Fortunately, if you remember this one piece of advice, your future presentations will be brighter and your audience will leave more satisfied.

The advice is…

Always make sure your audience feel “they have everything they need to be successful.”

Presenters fail when they say things like:

  • “We have a lot to get through today.”
  • “I am speaking quickly so we have time to cover everything.”
  • “We’re already behind schedule.”
  • “In the interest of time…”

Or do thinks like:

  • Require participants to take down everything you say, because you haven’t provided it to them. They’re focused on the low level task of copying, instead of the higher level thinking of making meaning.
  • Not provide a detailed, timed agenda that could be turn-keyed.
  • Not tell up front and remind participants in the middle and end what goals are and that they are making strides in accomplishing the goals of the session.
  1. Build in extra time at the beginning
    Start out by putting your audience at ease. Create a collegial atmosphere as folks arrive. Perhaps a simple do/now ice breaker where you ask participants to talk to the people around them and find out what they hoped to get out of the day. This gets minds flowing and allows for a relaxed start with a networked room.
  2. Plan for latecomers  
    Latecomers can throw off and delay a presentation. When you address the audience ask them to be the ones to fill in a latecomer should they sit next to them and let them know what to share.
  3. Provide ALL materials
    Speaking of what to share, keep it simple. Create a link where participants can access EVERYTHING you’ve shared. This way they don’t worry about missing anything and you don’t have to worry if they didn’t get something down.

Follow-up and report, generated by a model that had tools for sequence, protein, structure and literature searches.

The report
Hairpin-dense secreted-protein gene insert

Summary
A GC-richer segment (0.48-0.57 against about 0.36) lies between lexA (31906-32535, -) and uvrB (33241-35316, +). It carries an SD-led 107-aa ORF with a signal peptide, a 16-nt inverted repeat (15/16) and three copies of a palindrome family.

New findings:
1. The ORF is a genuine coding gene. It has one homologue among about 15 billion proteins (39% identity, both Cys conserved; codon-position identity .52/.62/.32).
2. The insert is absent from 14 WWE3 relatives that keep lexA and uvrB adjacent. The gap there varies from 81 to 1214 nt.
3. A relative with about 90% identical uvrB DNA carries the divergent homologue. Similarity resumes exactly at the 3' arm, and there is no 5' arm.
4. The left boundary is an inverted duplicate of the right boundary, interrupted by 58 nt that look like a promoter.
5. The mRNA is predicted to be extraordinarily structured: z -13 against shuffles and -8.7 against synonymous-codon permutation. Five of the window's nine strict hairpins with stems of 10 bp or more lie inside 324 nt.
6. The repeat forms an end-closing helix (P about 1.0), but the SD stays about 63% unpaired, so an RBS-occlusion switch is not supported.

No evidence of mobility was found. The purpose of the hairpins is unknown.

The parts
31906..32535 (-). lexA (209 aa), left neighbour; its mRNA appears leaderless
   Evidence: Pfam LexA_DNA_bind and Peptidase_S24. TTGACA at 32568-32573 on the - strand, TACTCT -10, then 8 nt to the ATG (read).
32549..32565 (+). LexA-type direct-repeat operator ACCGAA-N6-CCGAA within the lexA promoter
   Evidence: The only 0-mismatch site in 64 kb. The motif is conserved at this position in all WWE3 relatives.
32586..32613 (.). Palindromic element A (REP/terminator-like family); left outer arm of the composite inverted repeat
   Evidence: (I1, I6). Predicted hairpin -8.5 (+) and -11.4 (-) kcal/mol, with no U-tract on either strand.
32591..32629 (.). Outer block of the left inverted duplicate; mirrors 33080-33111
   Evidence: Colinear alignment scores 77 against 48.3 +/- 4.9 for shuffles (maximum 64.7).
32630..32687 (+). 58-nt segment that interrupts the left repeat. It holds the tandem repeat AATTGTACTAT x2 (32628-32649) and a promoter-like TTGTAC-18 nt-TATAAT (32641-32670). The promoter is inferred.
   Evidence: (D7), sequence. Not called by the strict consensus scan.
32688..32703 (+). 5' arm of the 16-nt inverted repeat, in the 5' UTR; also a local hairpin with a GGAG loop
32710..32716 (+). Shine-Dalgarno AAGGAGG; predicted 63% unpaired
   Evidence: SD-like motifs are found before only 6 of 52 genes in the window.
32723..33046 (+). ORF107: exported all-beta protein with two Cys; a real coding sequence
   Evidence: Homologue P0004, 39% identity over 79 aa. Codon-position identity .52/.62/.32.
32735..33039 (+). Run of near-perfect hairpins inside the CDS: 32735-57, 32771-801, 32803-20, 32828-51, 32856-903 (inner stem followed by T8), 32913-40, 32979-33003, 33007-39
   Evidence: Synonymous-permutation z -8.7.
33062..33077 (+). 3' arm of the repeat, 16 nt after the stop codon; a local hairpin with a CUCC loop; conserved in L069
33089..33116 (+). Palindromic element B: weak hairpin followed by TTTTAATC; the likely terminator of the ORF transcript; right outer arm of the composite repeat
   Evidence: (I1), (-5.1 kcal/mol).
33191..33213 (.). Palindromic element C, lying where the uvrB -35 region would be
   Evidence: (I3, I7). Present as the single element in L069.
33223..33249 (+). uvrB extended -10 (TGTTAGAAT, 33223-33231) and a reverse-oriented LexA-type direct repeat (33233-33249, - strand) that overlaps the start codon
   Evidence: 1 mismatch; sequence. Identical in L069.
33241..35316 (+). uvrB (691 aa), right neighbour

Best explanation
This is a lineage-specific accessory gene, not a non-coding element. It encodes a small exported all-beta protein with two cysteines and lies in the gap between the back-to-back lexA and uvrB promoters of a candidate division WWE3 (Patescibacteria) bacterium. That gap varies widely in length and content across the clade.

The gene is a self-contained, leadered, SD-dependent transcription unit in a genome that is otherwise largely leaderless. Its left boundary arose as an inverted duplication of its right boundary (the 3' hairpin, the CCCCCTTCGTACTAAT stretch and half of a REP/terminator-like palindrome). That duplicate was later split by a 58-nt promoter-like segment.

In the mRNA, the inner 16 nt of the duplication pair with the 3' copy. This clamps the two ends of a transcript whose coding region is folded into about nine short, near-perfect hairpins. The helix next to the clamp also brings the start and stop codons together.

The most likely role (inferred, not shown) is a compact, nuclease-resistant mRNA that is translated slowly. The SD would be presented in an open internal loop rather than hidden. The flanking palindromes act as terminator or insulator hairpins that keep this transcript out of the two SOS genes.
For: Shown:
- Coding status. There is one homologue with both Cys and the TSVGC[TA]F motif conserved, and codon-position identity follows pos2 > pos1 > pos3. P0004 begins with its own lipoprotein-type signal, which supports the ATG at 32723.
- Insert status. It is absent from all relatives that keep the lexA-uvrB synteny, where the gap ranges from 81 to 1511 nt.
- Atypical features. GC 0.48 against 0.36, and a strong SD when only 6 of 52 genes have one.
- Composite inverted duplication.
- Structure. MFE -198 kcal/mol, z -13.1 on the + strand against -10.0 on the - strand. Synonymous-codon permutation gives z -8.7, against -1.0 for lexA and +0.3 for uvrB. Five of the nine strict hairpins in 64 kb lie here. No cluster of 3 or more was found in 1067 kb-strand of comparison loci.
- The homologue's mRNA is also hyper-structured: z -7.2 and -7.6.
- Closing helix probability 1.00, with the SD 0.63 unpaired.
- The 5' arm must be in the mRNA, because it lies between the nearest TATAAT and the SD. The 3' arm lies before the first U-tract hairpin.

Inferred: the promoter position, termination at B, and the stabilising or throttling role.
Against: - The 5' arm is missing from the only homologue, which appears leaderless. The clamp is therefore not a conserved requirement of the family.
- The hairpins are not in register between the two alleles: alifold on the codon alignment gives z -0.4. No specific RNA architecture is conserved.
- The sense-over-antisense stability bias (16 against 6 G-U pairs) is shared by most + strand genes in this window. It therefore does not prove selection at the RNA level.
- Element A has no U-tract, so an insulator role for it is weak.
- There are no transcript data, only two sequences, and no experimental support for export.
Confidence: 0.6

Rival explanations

4. Ensure Materials Can Be Re-purposed Don’t share materials in PDF. Don’t give access without copy ability. Provide materials to participants so that it is easy for them to make their own, customize, and bring back to their work. This is a wonderful gift for teachers (time!) and students (great new learning materials).
  5. Smart Name Tags
    You know that link I mentioned above? Don’t worry about saying it over and over or having to keep putting it back on the projector. Provide name tags or cards with all the information participants will need i.e. a link to the presentation, Twitter hashtag, how to connect to the internet, etc. This way, the answer to every question is “It’s on your name tag.”
  6. Sum up the learning
    At the end of your time share all the new things participants will be able to do as a result of your time together. This way you’re focusing on what they have learned. The audience is assured that they got what they came for out of your time together.
  7. Take backs
    Ask participants to share (verbally or via Twitter, text, post it) in 140 characters or less one thing they’ll take back to their work. This reinforces their learning.
  8. Use reassuring statements
    Let the audience you know you are right on track with statements like:
    • “After our time together you’ll know exactly how to…”
    • “We are right on time.”
  9. Have two plans
    Have one plan if the class moves slowly. Have an additional plan if they move quickly. If they do, let them know that they were so on point they get bonus learning. If they move slowly, they’ll still know exactly what you told them they would learn.

So what do you think? Have you experienced presenters who try to rush through information? Have any of these strategies worked for you? Are these strategies you would try when you present?